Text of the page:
Look at the 2013 Boston Marathon, where two bombs went off, killing three and injuring dozens of others in a terrorist attack. Or consider the Orlando Pulse nightclub, where 49 people were killed and 58 wounded. Most recently in Las Vegas, a gunman killed 58 and injured hundreds of others.

Advertisement




The world is not inherently evil, but these evil acts still find a way into places like churches, schools, concerts and stadiums.

“We didn’t see these kinds of attacks 20 years ago,” said Glenn Chavious, managing director, global sports & recreation practice leader, Industria Risk & Insurance Services.

As a society, we have advanced through technology, he said. Technology’s platform has enabled the message of terror to spread further faster.

“But it’s not just with technology. Our cultures, our personal grievances, have brought people out of their comfort zones.”

Chavious said that people still had these grievances 20 years ago but were less likely to act out. Tech has linked people around the globe to other like-minded individuals, allowing for others to join in on messages of terror.

“The progression of terrorist acts over the last 10 years has very much been central to the emergence of ‘lone wolf’ actors. As was the case in both Manchester and Las Vegas, the ‘lone wolf’ dynamic presents an altogether unique set of challenges for law enforcement and event service professionals,” said John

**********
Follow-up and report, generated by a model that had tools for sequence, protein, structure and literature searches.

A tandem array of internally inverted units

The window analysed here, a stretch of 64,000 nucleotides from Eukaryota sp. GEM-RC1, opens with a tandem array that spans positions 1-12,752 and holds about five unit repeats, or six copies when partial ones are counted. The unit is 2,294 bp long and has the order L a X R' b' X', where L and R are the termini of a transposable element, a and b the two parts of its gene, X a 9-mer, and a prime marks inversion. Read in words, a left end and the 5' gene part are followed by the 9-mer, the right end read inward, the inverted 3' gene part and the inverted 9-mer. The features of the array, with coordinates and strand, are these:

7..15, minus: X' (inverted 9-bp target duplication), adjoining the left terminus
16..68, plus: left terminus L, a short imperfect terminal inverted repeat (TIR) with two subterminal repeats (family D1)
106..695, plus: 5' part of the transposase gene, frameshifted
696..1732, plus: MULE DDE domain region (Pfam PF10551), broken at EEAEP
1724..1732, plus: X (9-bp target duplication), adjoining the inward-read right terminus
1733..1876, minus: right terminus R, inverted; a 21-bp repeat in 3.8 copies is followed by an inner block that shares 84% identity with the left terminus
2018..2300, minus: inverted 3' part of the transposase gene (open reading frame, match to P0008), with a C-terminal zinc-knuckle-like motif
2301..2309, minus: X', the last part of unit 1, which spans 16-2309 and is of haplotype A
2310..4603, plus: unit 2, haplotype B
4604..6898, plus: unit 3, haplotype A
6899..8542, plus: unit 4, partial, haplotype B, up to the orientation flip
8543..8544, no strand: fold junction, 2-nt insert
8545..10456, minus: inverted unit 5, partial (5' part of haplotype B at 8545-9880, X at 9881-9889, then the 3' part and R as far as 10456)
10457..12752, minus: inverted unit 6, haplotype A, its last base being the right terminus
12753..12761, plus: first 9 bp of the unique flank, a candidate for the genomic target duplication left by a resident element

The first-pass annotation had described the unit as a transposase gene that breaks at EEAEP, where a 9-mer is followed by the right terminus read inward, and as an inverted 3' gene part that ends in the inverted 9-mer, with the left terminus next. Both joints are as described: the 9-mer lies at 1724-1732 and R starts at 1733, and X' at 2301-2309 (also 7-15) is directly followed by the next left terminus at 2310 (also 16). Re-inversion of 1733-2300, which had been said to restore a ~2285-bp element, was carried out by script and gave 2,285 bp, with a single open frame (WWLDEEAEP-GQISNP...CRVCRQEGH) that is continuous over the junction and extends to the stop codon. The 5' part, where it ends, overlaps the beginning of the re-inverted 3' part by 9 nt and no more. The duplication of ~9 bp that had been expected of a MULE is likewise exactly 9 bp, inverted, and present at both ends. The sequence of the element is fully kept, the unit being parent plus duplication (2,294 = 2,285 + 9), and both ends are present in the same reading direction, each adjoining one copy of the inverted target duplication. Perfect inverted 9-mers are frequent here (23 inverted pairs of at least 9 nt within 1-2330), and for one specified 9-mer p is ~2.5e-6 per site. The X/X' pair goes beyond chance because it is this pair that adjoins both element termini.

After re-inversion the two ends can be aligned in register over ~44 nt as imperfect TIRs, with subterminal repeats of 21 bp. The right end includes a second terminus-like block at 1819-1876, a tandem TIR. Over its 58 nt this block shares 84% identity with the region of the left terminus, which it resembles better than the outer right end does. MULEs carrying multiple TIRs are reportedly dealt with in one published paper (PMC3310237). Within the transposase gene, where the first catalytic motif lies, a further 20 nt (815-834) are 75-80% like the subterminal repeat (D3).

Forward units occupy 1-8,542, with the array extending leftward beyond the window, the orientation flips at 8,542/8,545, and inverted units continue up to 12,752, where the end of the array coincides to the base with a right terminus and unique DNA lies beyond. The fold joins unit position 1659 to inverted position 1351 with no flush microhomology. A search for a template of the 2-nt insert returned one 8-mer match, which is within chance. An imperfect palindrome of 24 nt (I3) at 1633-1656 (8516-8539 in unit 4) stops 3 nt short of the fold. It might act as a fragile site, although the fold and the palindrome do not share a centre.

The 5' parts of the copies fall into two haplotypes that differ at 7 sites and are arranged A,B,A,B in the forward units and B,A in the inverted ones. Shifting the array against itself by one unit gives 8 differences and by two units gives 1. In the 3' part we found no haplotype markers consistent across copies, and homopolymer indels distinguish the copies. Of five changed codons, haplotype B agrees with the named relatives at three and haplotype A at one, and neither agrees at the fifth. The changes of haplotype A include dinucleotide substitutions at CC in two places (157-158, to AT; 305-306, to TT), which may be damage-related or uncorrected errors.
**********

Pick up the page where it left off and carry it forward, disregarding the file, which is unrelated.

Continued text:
Glenn Chavious, managing director, global sports & recreation practice leader, Industria Risk & Insurance Services

Tomlinson, senior vice president, head of entertainment, Lockton.

As more violent outbreaks take place in public spaces, risk managers learn from and better understand what attackers want. Each new event enables risk managers to see what works and what can be improved upon to better protect people and places.

But the fact remains that the nature and pattern of attacks are changing.

“Many of these actions are devised in complete obscurity and on impulse, and are carried out by individuals with little to no prior visibility, in terms of behavioral patterns or threat recognition, thus making it virtually impossible to maintain any elements of anticipation by security officials,” said Tomlinson.

With vehicles driving into crowds, active shooters and the random nature of attacks, it’s hard to gauge what might come next, said Warren Harper, global sports & events practice leader, Marsh.

Public spaces like sporting arenas are particularly vulnerable because they are considered ‘soft targets.’ They are areas where people gather in large numbers for recreation. They are welcoming to their patrons and visitors, much like a hospital, and the crowds that attend come in droves.